Before studying today’s text “Do not complain, brethren, against one another, so that you yourselves may not be judged; behold,the Judge is standing right at the door.” (James 5:9), I asked God to show me what I need to learn from this scripture. I haven’t previously seen that grumbling and complaining against someone is actually judging them, which is sin. In grumbling against someone else, we’re ultimately grumbling against the Lord, who sovereignly put that person in our life at that point in time. Judging someone is prideful. We’re warned to guard our hearts against pride lest we too “fall into the same condemnation as the devil.”
When things go wrong, we tend to grumble against and blame others for our miseries. Blaming others is easier than owning our share of the responsibility, but it can be both destructive and sinful. Before we judge others for their shortcomings, remember that Christ the Judge will come to evaluate each of us. He will not let us get away with shifting the blame to others. “Therefore do not go on passing judgment before the time, but wait until the Lord comes who will both bring to light the things hidden in the darkness and disclose the motives of men’s hearts; and then each man’s praise will come to him from God.” (1 Corin. 4:5)
“Therefore be patient, brethren, until the coming of the Lord. The farmer waits for the precious produce of the soil, being patient about it, until it gets the early and late rains. You too be patient; strengthen your hearts, for the coming of the Lord is near. Do not complain, brethren, against one another, so that you yourselves may not be judged; behold,the Judge is standing right at the door.” (James 5:7-9)
At first glance, verse 9 doesn’t seem to fit into the context. It seems that James should have put it in back in 4:11, when he talked about not judging one another. But a moment’s reflection reveals why he put it here. When you’re under pressure from the outside (James 5:1-8), it’s easy to take out your frustrations on those who are closest to you, even though they’re not the source of your problems. Grumbling and complaining is not a manifestation of patience and strengthening your heart; it is instead a manifestation of impatience.
The Greek word translated “complain” means, literally, to groan. Donald Burdick explains (Expositor’s Bible Commentary) “It speaks of inner distress more than open complaint. What is forbidden is not the loud and bitter denunciation of others but the unexpressed feeling of bitterness or the smothered resentment that may express itself in a groan or a sigh.” So maybe you restrain yourself from saying something caustic or exploding in anger, but you roll your eyes and shake your head in derision. Your body language communicates your disapproval of the other person. James says, “Don’t do that!” As Warren Wiersbe says (Be Mature [Victor Books], p. 156), “If we start using the sickles on each other, we will miss the harvest!”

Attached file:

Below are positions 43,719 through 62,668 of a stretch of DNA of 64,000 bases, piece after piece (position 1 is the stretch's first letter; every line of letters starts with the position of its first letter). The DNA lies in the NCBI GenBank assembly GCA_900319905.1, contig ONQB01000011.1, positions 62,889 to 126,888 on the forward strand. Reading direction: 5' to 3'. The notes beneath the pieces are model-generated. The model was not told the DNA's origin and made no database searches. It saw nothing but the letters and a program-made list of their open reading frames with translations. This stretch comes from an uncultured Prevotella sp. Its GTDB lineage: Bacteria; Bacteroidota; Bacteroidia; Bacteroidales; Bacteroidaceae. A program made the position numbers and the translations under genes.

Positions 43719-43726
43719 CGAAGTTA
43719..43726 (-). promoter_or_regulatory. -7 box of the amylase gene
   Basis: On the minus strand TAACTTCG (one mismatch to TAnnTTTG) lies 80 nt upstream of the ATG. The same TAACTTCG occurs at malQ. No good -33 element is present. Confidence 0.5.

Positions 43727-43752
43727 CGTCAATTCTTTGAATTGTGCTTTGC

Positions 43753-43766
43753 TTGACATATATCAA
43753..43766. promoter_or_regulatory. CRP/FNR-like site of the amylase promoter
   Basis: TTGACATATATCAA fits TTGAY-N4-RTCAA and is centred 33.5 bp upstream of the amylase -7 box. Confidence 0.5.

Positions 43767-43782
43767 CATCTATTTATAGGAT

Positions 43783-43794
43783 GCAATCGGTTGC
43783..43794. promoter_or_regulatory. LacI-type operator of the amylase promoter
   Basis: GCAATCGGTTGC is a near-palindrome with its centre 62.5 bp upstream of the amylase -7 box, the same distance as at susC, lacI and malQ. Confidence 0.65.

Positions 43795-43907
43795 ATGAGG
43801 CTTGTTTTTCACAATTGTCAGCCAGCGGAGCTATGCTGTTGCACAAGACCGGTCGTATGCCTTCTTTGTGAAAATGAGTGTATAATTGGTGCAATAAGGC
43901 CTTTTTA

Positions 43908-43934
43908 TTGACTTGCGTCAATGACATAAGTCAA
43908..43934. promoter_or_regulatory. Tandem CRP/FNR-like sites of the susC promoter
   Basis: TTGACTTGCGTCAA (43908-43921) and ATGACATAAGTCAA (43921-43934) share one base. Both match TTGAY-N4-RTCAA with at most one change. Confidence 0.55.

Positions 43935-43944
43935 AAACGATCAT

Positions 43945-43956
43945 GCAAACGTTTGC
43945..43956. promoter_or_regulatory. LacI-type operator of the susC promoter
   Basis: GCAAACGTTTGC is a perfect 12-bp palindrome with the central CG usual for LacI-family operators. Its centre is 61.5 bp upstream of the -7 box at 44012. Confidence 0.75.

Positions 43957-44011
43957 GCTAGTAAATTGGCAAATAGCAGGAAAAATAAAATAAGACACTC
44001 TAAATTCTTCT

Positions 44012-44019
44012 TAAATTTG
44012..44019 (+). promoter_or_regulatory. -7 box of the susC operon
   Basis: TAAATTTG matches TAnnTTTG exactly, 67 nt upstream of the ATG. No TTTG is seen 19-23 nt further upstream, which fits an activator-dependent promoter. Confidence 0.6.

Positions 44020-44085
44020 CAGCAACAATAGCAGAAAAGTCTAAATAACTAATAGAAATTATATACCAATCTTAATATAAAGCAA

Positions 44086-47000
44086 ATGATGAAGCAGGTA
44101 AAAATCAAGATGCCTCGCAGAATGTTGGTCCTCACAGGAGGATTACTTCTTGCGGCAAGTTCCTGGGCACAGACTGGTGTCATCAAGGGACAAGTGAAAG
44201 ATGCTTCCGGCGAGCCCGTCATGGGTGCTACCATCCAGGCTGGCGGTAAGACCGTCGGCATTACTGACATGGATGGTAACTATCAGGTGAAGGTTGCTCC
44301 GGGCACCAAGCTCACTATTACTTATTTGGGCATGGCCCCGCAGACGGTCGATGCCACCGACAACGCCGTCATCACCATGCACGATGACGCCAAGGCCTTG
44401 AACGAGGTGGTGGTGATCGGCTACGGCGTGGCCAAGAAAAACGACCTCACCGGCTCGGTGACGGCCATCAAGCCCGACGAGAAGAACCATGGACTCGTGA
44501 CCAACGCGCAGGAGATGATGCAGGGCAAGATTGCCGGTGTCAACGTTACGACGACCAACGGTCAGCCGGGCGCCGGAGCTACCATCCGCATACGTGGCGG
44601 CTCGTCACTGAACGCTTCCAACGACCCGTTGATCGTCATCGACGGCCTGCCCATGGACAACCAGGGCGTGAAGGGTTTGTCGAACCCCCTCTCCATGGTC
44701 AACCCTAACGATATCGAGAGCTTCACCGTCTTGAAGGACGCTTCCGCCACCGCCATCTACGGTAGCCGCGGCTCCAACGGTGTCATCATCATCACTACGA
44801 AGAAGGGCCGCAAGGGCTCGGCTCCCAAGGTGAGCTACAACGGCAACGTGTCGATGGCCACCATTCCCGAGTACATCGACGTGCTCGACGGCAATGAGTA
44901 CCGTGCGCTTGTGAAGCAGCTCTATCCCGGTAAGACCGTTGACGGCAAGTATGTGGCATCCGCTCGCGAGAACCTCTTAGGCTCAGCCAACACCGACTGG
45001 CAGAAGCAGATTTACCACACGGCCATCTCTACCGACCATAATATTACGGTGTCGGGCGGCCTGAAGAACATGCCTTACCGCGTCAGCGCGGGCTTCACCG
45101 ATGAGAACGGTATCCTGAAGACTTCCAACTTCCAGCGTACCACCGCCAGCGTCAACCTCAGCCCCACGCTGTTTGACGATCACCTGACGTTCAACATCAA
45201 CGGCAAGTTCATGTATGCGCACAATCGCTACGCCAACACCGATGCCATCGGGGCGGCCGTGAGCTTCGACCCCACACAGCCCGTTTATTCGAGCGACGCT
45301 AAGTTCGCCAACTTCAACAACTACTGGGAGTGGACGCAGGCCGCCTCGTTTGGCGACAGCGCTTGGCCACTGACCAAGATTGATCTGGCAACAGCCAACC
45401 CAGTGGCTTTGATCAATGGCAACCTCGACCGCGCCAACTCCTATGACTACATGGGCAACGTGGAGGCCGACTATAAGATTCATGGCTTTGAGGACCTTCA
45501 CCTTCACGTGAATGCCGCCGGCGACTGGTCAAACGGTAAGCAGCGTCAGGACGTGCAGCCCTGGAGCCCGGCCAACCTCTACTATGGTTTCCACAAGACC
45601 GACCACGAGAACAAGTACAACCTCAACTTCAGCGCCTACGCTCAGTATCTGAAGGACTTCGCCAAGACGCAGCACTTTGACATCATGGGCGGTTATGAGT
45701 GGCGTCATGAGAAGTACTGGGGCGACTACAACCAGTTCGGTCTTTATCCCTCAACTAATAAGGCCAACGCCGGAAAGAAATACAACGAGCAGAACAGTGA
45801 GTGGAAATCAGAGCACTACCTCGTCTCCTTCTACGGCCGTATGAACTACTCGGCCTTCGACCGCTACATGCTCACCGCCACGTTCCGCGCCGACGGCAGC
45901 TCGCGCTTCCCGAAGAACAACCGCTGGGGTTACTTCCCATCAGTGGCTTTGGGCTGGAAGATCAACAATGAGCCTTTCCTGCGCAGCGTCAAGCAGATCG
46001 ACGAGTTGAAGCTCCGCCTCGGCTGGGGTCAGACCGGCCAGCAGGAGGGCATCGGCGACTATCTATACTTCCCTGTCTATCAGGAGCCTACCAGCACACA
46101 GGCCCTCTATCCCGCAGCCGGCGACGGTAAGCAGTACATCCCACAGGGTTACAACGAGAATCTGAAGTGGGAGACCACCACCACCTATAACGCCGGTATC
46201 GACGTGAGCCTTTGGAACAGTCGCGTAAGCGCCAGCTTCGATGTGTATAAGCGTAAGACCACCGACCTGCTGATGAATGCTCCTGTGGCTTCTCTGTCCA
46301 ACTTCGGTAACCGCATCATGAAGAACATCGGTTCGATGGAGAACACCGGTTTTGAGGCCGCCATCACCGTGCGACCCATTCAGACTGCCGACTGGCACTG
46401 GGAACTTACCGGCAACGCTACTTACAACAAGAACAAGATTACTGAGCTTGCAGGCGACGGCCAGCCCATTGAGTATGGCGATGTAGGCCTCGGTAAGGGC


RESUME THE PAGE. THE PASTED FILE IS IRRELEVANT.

Grudge not – Groan not; grumble not; do not murmur through impatience; and don’t let any ill treatment that you receive, induce you to vent your feelings in condemnation against your oppressors. Leave all this in the hands of God. Some people are always grumbling; they have a sour, dissatisfied, discontented temper. This spirit – the offspring of pride – will make any man lead a wretched life, which is wholly contrary to the spirit of the gospel.
Lest ye be condemned – By giving way to a grumbling spirit, you will get under the condemnation of the wicked. James says, “Before you groan against your brother, remember that the same Lord who will judge him will judge you, too!” (Matthew 7:1-2) Remember that in grumbling against someone else, you’re ultimately grumbling against the Lord, who sovereignly put that person into your life at that point in time. Thus the Bible prohibits all grumbling, because it ultimately is grumbling against the Lord Himself (Phil. 2:15; 1 Cor. 10:10).
The judge standeth before the door – His eye is upon every thing that is wrong in you, and every wrong that is done to you; and he is now entering into judgment with your oppressors. He is hearing every word, and marking every thought. “For we must all appear before the judgment seat of Christ, so that each of us may receive what is due us for the things done while in the body, whether good or bad.” (2 Corin. 5:10)
The only reason for character assassination, or making an unfavorable comparison (grumbling and complaining), is to exalt ourselves, which is prideful. When speaking against a fellow human being, we are establishing ourselves as a judge. The Bible warns us about thinking more highly of ourselves than we ought. No man has a right to an inflated view of himself. Under the influence of pride a man takes on the air of a master, even if it’s true that the other(s) are evil. Our sovereign Lord God is the only true judge. “Do not say, ‘I will do to him as he has done to me; I will pay the man back for what he has done.’” (Proverbs 24:29) Revenge is the way the world operates, but it is not God’s way. Jesus gave us the greatest example of what to do when we are oppressed – pray for our oppressors! “And Jesus said, ‘Father, forgive them, for they know not what they do.’ And they cast lots to divide his garments.” (Luke 23:34)
- My notes from Bible Study “Faith: A Bible Study on James for Women“
- Life Application Study Bible (NIV)
- Responding Rightly When You’re Wronged
- James 5:9 Verse-by-Verse